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Helping People With Autism Manage the Challenges of Mask Wearing

Millions of lives have been upended by the pandemic that has gripped our nation for the past seven months, but for those who are on the autism spectrum, the challenges can be even greater, starting with wearing a mask.

At Plymouth Psych Group, our team of compassionate and skilled practitioners understands how COVID-19 has affected those who are on the spectrum. The masks, the change in schedules and routines, and the overriding anxiety can certainly take their toll.

To help with mask wearing for those who have sensory issues, here are a few tips that will go a long way toward keeping your loved one, and those around them, safe during these difficult times.

Finding the right mask

One of the best ways to accustom your loved one to wearing a mask is to make it a little less daunting. To get started, have a few different types of masks on hands that are made from different fabrics and materials. As well, try to choose patterns and colors that you know your loved one likes. Manufacturers have answered the call, and there are masks of every conceivable color and theme to choose from.

Getting comfortable

Once you have the masks on hand, allow your loved one to touch them and encourage them to put the fabric up to their face. If that goes well, try and get them to loop the mask around their ears, one ear at a time. If they truly dislike having the loops around their ears, you might want to try a mask that ties at the back of their head instead. You can also try a bandana-type mask.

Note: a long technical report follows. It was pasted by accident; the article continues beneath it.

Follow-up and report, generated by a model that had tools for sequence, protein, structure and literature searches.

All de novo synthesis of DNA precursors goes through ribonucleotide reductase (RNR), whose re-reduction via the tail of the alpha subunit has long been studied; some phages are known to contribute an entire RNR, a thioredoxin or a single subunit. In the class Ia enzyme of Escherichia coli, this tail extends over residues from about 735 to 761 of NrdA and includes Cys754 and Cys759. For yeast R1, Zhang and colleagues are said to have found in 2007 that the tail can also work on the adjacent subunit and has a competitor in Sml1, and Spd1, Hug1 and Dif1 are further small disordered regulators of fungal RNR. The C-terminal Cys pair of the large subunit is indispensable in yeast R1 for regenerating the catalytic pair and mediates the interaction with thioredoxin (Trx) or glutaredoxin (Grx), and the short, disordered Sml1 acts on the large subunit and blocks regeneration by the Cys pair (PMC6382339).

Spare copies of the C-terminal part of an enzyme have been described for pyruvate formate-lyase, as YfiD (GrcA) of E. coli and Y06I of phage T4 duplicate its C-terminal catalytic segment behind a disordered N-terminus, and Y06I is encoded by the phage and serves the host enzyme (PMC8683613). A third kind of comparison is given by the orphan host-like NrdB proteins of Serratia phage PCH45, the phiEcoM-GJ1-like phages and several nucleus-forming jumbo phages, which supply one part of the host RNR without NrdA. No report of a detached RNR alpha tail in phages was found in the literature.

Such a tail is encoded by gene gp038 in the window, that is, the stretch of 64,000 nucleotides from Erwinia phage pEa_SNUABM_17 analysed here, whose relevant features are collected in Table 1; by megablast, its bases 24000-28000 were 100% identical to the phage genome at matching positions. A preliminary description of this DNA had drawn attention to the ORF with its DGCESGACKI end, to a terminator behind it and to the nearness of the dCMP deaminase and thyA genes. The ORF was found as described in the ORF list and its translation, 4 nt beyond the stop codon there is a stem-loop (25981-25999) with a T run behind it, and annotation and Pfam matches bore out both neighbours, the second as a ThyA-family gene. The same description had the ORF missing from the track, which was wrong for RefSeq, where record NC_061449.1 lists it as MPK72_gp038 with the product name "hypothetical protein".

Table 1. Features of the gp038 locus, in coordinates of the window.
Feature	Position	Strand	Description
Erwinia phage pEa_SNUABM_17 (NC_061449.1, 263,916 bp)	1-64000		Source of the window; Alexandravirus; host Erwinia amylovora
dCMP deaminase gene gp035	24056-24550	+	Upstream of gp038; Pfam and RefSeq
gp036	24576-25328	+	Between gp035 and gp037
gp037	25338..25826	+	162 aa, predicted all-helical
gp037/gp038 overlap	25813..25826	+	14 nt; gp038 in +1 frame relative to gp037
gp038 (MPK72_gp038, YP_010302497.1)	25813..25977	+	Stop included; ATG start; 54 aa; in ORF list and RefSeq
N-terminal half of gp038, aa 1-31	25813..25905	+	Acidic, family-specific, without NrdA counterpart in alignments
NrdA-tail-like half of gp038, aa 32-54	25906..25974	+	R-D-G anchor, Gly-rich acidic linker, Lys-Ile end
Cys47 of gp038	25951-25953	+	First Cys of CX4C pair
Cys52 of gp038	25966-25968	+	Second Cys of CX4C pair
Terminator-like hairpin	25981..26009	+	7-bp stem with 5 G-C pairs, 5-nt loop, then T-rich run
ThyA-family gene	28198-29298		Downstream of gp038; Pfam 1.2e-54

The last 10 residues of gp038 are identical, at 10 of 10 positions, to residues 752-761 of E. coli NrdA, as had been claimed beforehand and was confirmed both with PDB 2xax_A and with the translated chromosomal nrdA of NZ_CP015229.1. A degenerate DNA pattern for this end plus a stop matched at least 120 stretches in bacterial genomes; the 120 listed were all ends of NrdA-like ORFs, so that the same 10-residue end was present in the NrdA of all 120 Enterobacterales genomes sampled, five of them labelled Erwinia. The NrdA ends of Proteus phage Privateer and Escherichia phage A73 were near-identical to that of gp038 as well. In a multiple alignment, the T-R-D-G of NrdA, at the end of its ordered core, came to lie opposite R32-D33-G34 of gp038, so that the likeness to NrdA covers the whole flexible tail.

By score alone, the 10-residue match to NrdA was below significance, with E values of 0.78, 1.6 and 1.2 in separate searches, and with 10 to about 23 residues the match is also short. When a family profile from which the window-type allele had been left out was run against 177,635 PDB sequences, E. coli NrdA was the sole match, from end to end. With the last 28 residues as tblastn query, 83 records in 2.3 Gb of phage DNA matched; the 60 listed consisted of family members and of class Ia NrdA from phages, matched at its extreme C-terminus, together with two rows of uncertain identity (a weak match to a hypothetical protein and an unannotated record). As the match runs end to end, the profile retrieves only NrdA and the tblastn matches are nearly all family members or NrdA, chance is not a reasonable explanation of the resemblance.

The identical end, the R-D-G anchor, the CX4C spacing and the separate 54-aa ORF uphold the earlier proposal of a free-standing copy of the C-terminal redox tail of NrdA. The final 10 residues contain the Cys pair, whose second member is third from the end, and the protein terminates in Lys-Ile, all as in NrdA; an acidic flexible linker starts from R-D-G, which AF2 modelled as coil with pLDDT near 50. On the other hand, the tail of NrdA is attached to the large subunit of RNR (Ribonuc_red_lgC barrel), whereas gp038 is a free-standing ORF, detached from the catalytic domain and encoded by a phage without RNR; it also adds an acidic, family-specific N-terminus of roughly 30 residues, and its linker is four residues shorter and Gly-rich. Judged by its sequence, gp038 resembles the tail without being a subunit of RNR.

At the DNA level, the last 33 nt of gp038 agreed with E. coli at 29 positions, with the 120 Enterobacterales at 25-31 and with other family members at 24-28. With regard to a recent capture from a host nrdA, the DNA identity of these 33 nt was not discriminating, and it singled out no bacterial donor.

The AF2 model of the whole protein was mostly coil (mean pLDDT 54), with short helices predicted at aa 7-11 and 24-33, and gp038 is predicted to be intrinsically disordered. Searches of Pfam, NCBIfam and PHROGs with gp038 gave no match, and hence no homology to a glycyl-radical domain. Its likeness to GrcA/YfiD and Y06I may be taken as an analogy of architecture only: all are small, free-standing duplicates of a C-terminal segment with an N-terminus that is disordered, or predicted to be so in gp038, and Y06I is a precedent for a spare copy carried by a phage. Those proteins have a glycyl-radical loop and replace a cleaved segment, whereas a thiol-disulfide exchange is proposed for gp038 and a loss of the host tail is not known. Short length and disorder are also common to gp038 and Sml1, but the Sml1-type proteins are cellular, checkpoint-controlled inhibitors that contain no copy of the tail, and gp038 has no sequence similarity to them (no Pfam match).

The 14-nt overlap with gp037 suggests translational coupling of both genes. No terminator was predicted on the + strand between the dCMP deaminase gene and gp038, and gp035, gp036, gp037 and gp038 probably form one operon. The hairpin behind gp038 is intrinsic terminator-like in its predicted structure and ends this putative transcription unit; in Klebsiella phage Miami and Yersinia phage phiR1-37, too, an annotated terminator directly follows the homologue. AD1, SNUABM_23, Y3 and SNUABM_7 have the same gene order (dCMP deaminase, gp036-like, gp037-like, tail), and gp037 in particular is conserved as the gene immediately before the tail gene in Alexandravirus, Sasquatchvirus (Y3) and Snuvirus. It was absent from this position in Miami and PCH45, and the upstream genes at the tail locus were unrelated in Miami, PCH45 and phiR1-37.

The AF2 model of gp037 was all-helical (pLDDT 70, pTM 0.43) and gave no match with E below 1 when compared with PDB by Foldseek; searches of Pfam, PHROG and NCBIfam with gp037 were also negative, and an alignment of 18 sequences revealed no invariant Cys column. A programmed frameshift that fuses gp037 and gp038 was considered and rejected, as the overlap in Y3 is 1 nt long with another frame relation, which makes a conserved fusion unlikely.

It’s important that you demonstrate to your loved one that they can still talk and breathe with the mask on, so you should wear a mask, too, to illustrate that point.

Setting time limits

As your loved one gets more comfortable with the mask, practice longer periods of wearing the face covering. You should set a timer that your loved one can see so that they don't feel “stuck” in the mask. Instead, they can watch a timer count down and then remove the mask.

As you progress, set the timer for longer times so that when you’re ready to go out, your loved one can easily tolerate the mask for as long as they need.

Explain mask wearing in simple terms

When you introduce mask wearing, be sure to explain it in simple, but black-and-white (concrete), terms. You don’t need to overdo the explanation, but rather say, “If you want to go to XYZ you need to wear the mask.”

Then, when you feel they’re ready, get into the car and head out to their favorite place, but make the first trip a short one. For example, if your loved one adores ice cream, use that as a carrot to try wearing the mask in public. When you arrive at the ice cream shop, say, “Time to put the mask on so that we can get ice cream.” Then, you can go in, get the promised treat, and leave, allowing your loved one to enjoy their cone, mask-free, in the car.

Ultimately, there’s no one-size-fits-all solution to mask wearing for those on the autism spectrum with sensory issues. You know your loved one best, and you can turn to any methods that have worked well in the past when it comes to introducing a change like this.

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